No time for a proper blog today, but I must highlight Matthew Parris's latest article. Pointing out that there is no easy escape from our current difficulties, and we just have to accept we've been living way beyond our means, he says:
"There's a piece of fashionable political nonsense you should be vaccinated against before the virus hits us: a whole vocabulary of ministerial happy thoughts to which you'd best learn to block your ears...
...as our prosperity sinks, the politicians' rhetoric will go skyward. “New challenges”, “a new vision”, “post-millennial economy”, “thinking outside the box”...
... it will all be just so much hot air...
The non-City part of our economic landscape has not been held back by political inattention, and will not be significantly advanced by political patronage or speeches. Politicians don't “rebalance” economies. Market forces do.
This recession is not a failure of market economics. It is a reassertion of market economics after a decade in which we paid ourselves more than we were producing, and funded it precariously and temporarily by complicated credit instruments that it took a while for the market to rumble."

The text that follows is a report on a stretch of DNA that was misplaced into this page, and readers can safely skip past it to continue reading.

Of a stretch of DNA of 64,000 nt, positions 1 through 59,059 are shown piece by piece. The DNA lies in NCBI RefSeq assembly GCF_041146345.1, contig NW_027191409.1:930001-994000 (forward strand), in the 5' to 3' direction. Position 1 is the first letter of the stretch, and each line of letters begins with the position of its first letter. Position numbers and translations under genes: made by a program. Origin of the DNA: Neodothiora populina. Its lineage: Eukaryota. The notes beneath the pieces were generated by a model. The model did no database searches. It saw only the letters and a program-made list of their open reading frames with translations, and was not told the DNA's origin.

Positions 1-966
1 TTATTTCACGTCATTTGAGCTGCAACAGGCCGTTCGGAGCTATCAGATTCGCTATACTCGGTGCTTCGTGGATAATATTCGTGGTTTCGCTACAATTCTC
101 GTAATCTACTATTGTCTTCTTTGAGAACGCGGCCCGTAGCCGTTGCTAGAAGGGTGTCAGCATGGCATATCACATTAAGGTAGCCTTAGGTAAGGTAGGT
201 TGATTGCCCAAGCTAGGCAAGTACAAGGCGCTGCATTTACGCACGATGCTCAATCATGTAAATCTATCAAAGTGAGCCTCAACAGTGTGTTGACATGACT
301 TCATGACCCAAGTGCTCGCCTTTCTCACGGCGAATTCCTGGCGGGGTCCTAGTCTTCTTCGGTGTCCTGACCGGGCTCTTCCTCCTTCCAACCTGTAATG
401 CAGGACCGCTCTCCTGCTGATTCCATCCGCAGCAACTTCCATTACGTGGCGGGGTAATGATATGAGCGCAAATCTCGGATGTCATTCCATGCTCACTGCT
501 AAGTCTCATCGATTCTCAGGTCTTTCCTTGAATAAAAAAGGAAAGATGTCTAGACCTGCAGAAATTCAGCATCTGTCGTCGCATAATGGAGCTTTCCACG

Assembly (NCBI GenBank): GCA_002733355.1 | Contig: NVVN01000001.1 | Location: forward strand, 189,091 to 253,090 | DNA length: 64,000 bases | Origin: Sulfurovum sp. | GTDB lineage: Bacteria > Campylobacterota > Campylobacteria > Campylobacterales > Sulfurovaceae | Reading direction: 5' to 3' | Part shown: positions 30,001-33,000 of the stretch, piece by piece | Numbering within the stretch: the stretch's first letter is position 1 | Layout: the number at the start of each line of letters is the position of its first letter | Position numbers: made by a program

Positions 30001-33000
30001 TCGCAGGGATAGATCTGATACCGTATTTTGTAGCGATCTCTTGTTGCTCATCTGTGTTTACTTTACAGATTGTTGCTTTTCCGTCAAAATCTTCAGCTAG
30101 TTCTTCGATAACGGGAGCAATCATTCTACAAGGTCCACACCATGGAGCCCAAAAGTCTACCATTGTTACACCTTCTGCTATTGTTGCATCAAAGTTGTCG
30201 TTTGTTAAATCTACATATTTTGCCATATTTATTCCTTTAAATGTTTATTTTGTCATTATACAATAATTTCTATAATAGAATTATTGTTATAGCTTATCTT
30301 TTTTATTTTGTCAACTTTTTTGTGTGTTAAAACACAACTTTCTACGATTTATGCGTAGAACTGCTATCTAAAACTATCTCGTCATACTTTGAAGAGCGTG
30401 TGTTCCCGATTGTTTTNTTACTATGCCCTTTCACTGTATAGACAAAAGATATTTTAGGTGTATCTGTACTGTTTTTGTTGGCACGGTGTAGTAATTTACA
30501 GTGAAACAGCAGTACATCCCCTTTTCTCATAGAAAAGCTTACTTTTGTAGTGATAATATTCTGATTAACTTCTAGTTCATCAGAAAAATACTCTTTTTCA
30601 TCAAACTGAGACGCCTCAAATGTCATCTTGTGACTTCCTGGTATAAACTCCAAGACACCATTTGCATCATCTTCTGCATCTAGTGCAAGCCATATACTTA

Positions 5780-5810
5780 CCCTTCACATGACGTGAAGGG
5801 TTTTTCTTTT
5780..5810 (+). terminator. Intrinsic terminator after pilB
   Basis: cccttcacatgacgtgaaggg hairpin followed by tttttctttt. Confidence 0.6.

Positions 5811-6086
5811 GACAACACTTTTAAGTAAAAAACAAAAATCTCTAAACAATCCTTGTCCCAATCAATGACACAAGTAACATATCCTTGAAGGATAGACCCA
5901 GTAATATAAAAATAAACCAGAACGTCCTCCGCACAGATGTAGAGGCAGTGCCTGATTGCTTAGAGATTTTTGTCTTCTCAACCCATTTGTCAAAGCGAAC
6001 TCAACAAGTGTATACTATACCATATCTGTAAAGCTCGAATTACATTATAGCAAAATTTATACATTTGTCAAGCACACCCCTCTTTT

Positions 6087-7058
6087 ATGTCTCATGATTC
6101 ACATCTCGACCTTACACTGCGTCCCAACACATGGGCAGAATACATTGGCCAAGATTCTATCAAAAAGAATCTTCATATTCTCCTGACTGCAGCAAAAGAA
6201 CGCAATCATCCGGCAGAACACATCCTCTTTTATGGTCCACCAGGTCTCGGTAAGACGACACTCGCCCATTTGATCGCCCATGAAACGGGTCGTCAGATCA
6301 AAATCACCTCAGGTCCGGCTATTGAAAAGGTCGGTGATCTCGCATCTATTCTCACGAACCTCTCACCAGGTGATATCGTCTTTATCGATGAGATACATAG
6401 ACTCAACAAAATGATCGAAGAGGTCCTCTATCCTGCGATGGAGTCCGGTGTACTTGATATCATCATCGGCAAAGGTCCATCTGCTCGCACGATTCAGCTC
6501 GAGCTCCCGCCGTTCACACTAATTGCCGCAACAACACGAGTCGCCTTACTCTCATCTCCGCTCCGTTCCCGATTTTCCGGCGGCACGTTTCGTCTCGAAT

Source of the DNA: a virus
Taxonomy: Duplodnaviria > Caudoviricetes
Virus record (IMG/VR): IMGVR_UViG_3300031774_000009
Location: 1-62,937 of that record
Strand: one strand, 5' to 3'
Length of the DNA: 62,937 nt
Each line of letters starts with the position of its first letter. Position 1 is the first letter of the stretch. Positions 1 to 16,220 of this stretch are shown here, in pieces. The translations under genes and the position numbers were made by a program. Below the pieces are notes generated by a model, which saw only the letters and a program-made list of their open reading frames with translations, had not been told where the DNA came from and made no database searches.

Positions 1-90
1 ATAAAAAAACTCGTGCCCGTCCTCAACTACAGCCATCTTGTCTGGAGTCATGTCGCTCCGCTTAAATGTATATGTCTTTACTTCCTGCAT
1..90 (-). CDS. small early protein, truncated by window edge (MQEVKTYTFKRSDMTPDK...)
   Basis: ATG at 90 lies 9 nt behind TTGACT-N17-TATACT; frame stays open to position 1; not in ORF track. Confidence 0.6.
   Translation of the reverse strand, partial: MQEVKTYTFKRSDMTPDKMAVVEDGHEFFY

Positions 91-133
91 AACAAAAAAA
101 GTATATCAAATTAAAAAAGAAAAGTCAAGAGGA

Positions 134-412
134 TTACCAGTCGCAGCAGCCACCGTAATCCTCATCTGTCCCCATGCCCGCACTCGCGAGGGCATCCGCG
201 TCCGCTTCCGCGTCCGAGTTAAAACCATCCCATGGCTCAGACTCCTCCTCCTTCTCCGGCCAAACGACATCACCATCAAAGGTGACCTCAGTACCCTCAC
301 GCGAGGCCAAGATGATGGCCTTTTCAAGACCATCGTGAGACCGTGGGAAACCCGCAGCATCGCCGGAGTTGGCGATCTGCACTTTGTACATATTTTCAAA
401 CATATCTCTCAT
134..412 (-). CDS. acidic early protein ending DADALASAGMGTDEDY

As so often Mr P is right on the money.
Big government types are once again screaming that "unbridled capitalism" has failed, and it's time for governments to bring forth the new paradigm - eg yesterday's Newsnight gave us Will Hutton puffing "stakeholder capitalism", the central idea of his 1995 anti-market book The State We're In.
Back in 1995, managementspeak was all about such "paradigm shifts". Yet what gave us the global boom of the next decade was not some high fallutin' mindsetgame, but the plain old-fashioned profit motive.
Which, as Mr P says, is precisely what will eventually drive our recovery from the present slump.
And you know what?
We're betting that the financial sector - despite all its past excesses, its present difficulties, and much tighter regs in future - will yet return to be a key driver of our future prosperity.
And when we've got some more time, we'll spell out precisely why it's a better bet than all those "green" industries now being promoted so heavily by the BBC and the rest of the left.
PS Talking of the BBC, their refusal to broadcast a Gaza appeal is a jaw-dropping illustration of just how arrogant BBC management is. Given the hideous damage inflicted on the Palestinians, even those of us who understand why Israel attacked, want to reach out a helping hand. And we're the ones paying the BBC's bills.